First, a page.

This passage tells of Jesus leading the disciples into a discussion of what they and others make of him. They respond by saying that some are confused and think he is John the Baptist, escaped from Herod. Others say that he is another Elijah, one who ushers in a new way of thinking, and still others that he is in the line of the later prophets. Jesus pushes further and queries what they themselves think. Perhaps only Peter answers because the others are as yet undecided, but in any case Peter replies that he thinks Jesus is the Messiah, the Christ, the Anointed One.
Jesus goes on to attempt to change the direction of their thinking, by showing that rather than any glory or worldly success, he is likely to be misunderstood, tortured and killed. He anticipates that Rome will see him as a traitor, which he is philosophically, if not politically, because he urges others to see the superficial nature of domination and political bullying.
Peter reacts strongly against this, perhaps out of love or fear. And Jesus says to him that he must get behind if he wants to go ahead. Like Satan in the temptation story, Peter is convinced of Jesus’ power to call others to change the world. Satan, whom we might think of as the god of expediency, was dismissed by Jesus as ultimately ineffective. Jesus’ stance shows that empires rise and fall; kings are born and die; wealth is retained in the hands of the few and then blows away like dandelion seeds. For Jesus, the only things that remain are generosity, compassion, sacrifice (in the sense of joyful offering of the self). The price for that may be misunderstanding, pain, and even death, but the reward is open eyes, a sense of purpose and the long view that follows the trajectory of God.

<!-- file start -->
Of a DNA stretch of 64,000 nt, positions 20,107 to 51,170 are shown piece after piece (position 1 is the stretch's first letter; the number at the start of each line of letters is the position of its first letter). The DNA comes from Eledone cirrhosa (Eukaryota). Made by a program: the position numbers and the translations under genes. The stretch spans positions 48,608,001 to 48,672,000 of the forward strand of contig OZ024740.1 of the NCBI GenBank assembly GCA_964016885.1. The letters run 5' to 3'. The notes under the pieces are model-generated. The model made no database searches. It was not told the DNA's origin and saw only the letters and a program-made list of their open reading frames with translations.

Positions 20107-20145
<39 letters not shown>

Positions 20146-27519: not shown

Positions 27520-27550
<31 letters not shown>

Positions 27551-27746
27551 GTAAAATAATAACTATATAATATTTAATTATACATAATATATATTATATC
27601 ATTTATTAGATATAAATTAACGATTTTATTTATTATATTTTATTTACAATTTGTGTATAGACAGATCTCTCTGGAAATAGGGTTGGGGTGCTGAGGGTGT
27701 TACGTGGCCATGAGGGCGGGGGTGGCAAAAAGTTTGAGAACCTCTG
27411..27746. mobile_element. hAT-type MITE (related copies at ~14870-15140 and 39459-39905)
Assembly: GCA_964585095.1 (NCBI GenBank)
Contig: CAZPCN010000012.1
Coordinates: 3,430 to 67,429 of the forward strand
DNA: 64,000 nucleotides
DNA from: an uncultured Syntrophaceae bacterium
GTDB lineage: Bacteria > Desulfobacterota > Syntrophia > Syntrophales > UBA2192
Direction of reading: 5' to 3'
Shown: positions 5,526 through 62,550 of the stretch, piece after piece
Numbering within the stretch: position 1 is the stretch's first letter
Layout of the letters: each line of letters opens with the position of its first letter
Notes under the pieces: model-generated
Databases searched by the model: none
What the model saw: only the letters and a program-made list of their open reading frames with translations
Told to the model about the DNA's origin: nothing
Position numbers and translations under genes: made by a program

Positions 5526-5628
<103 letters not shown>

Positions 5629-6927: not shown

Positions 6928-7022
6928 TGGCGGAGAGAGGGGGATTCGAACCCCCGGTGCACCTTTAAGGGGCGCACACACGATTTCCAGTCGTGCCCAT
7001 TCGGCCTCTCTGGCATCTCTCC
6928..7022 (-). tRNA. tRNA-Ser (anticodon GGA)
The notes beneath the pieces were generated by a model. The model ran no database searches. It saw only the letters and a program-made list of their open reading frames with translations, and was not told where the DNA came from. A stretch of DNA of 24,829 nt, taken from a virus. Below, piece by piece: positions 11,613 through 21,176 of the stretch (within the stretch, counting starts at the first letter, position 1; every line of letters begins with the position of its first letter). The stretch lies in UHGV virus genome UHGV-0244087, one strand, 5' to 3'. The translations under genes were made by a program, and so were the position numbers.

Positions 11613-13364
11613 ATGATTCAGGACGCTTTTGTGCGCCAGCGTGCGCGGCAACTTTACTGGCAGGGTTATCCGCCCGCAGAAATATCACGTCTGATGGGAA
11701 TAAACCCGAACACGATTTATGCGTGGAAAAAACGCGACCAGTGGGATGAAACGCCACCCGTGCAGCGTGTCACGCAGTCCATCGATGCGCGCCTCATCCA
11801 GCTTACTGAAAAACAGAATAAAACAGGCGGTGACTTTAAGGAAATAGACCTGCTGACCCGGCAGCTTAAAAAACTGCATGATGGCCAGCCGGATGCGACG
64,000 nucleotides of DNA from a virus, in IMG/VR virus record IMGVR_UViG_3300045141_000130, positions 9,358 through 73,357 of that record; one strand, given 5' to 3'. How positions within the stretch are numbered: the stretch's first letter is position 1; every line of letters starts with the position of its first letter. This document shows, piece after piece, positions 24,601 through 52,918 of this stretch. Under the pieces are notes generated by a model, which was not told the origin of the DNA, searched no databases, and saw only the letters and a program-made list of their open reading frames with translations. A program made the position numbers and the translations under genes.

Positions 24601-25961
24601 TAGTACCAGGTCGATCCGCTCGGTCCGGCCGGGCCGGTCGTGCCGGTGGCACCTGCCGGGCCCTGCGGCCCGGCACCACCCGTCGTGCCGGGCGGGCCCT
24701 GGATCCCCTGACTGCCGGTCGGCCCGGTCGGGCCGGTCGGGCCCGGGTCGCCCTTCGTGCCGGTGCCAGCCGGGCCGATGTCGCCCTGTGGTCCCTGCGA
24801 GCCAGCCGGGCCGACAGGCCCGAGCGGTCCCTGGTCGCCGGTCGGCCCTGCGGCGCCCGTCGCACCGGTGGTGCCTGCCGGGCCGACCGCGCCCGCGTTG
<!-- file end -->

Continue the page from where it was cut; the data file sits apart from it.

So Peter receives a stern lesson. He can get behind Jesus and follow along in his plan and methods. He can accept that titles and the illusion of safety belong to worldly leaders and governments. He can follow the way of Jesus, that means following the cross in the world, s sign of the way in which suffering and redemption lead to new life. I am always curious if Satan is behind Jesus too. Could it be that the great Prosecutor of Hebrew scripture is actually in the service of the cross. In his role as the tempter, does he feel joy that Jesus refuses his offer?
Which leads me to some contemporary questions. When people of faith are challenged, do we see this as an opportunity for us to decide where we stand? Can we see that the elements of temptation to choose the easier road, or the most efficient method, or what is often presented as common sense, might actually deter us from the vision of Jesus? Can we be misled by our need to define who Jesus is so that we forget the work that we have taken on in his name?
And finally, I wonder if we can see the Tempter as part of how we react as human beings. The Tempter is only demonic and powerful when we Christians are not standing behind Jesus. Do we want to get behind Jesus, his passion, his vision, his hope for us? We may find Satan there, also hoping for redemption, along with all the doubters and second guessers. But none of it matters, along as we trust the one whom we follow. Although he remains largely unnameable for us, slipping from definition to practice, from prisons to freedom without any bars at all.
There is a goodness, a Wisdom that arises, sometimes gracefully, sometimes gently, sometimes awkwardly, sometimes fiercely, but it will arise to save us if we let it, and it arises from within us. like the force that drives green shoots to break the winter ground, it will arise and drive us into a great blossoming like a pear tree, into flowering, into fragrance, fruit, and song . . . into that part of ourselves that can never be defiled, defeated, or destroyed, but that comes back to life, time and time again, that lives -always- that does not die. China Gallard “The Bond Between Women”